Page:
According to the latest data, UniCredit has one of the largest exposures to Russia of any multinational lender. At the end of December, it had 8.6 billion euros of loans and 4.5 billion euros of cross-border exposure with Russian customers. Yet the Italian lender is still considering an exit from Russia. Executives said they would not increase their investments in the country. They would also not close down their Russian branches.
It is not clear how much it will cost UniCredit to exit from Russia. The bank has a EUR8 billion loan portfolio, partly financed in the country by deposits. However, it is estimated that an exit from Russia could cost up to EUR1.9 billion. Its plan to buy back its shares in the Russian market is also dependent on core capital remaining at 13%. If the Russian economy continues to weaken, it could cost UniCredit as much as EUR5.5 billion.
In order to ensure the stability of its business in Italy, UniCredit is reviewing its Russian operations. A costly exit would be unavoidable, if the company does not make the right decision. Other European banks are considering exiting the Russian market as well. And UniCredit’s CEO Andrea Orcel says that the exit from Russia cannot and should not be done overnight.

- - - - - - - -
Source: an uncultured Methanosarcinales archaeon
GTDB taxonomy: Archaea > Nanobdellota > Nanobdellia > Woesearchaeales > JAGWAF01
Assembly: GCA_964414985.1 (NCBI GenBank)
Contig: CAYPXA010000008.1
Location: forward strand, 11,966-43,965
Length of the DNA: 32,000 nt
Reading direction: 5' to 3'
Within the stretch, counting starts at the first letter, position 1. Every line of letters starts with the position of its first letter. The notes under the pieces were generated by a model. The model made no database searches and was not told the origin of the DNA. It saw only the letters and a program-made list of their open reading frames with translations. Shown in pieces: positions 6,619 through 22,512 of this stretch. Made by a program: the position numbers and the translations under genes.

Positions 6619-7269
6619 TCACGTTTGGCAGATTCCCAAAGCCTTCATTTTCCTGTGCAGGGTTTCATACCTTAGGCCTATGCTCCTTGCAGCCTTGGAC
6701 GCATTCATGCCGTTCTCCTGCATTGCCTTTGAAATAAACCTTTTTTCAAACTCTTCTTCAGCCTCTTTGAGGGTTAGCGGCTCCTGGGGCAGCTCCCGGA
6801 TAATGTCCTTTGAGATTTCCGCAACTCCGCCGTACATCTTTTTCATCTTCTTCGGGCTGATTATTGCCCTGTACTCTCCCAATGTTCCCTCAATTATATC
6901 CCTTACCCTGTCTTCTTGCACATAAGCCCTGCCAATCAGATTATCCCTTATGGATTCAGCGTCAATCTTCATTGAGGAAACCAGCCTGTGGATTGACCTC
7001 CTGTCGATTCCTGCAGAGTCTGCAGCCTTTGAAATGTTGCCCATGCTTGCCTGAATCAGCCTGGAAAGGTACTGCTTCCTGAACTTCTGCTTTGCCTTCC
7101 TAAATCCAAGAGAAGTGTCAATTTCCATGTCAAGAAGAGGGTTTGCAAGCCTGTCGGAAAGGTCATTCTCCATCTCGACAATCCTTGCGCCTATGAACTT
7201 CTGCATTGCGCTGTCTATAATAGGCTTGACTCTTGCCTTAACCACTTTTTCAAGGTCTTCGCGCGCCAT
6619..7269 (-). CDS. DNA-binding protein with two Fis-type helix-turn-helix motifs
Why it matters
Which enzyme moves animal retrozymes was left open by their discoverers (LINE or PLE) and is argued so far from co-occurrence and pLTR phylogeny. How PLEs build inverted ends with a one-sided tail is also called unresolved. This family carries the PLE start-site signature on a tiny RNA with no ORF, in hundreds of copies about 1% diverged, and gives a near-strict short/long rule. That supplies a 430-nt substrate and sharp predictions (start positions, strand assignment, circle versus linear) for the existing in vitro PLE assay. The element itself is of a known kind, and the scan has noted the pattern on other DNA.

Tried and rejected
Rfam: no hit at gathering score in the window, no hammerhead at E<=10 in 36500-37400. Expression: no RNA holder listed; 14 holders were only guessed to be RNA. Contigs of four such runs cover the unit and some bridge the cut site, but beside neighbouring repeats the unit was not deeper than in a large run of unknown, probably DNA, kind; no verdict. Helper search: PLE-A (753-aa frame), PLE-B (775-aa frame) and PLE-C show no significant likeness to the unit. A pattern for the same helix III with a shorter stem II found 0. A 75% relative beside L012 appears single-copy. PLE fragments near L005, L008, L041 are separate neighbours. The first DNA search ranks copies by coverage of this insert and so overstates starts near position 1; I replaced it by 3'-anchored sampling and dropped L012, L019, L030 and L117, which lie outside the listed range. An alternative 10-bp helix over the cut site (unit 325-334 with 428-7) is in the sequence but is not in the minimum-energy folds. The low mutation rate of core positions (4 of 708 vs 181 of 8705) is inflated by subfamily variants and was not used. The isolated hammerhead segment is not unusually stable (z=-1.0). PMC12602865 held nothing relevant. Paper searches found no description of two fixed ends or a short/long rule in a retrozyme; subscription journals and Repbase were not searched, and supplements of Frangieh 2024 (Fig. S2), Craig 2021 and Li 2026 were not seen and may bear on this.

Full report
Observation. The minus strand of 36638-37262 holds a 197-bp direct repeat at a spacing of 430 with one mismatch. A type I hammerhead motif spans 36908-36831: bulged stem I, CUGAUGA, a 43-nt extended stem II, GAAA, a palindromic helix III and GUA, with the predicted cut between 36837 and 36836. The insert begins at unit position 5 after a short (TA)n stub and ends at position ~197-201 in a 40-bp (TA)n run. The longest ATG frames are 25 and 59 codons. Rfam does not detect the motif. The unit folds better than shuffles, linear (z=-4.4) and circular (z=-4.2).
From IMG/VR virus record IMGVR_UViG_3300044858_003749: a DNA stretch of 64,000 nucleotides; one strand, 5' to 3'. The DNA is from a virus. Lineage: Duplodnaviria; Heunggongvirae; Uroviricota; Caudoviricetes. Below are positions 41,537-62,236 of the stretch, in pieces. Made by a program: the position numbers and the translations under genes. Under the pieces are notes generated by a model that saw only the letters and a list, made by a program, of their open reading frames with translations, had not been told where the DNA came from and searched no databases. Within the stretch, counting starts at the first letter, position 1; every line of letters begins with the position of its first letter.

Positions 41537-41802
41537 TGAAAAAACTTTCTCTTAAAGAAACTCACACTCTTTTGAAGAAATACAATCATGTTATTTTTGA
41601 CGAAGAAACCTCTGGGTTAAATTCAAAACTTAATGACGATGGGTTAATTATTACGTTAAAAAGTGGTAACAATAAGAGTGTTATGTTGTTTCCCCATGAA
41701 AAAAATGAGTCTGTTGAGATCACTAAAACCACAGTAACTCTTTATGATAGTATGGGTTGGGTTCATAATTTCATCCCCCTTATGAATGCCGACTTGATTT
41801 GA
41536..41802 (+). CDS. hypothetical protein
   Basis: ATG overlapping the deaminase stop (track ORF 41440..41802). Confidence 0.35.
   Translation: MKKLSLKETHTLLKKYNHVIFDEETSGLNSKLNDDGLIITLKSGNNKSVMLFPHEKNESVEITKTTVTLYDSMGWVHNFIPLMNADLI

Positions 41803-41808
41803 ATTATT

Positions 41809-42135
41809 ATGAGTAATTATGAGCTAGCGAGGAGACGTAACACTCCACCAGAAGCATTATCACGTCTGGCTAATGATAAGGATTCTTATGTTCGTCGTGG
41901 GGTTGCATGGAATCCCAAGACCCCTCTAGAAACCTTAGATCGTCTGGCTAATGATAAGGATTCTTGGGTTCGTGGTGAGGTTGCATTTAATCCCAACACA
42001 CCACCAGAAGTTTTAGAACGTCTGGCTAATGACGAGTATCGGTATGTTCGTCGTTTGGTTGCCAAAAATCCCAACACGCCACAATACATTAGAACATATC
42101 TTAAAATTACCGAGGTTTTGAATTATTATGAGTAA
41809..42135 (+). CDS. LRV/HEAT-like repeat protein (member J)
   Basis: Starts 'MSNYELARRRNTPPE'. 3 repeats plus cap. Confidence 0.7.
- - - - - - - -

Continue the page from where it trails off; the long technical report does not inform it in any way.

In a statement on March 17, Goldman Sachs Group Inc. said it is scaling down its operations in Russia and has transferred some staff members to Dubai. On the other hand, JPMorgan Chase & Co. and Deutsche Bank also announced plans to withdraw from the country. The move follows similar calls from the US Congress and California’s governor. And if this plan is implemented, it could lead to further instability in the region.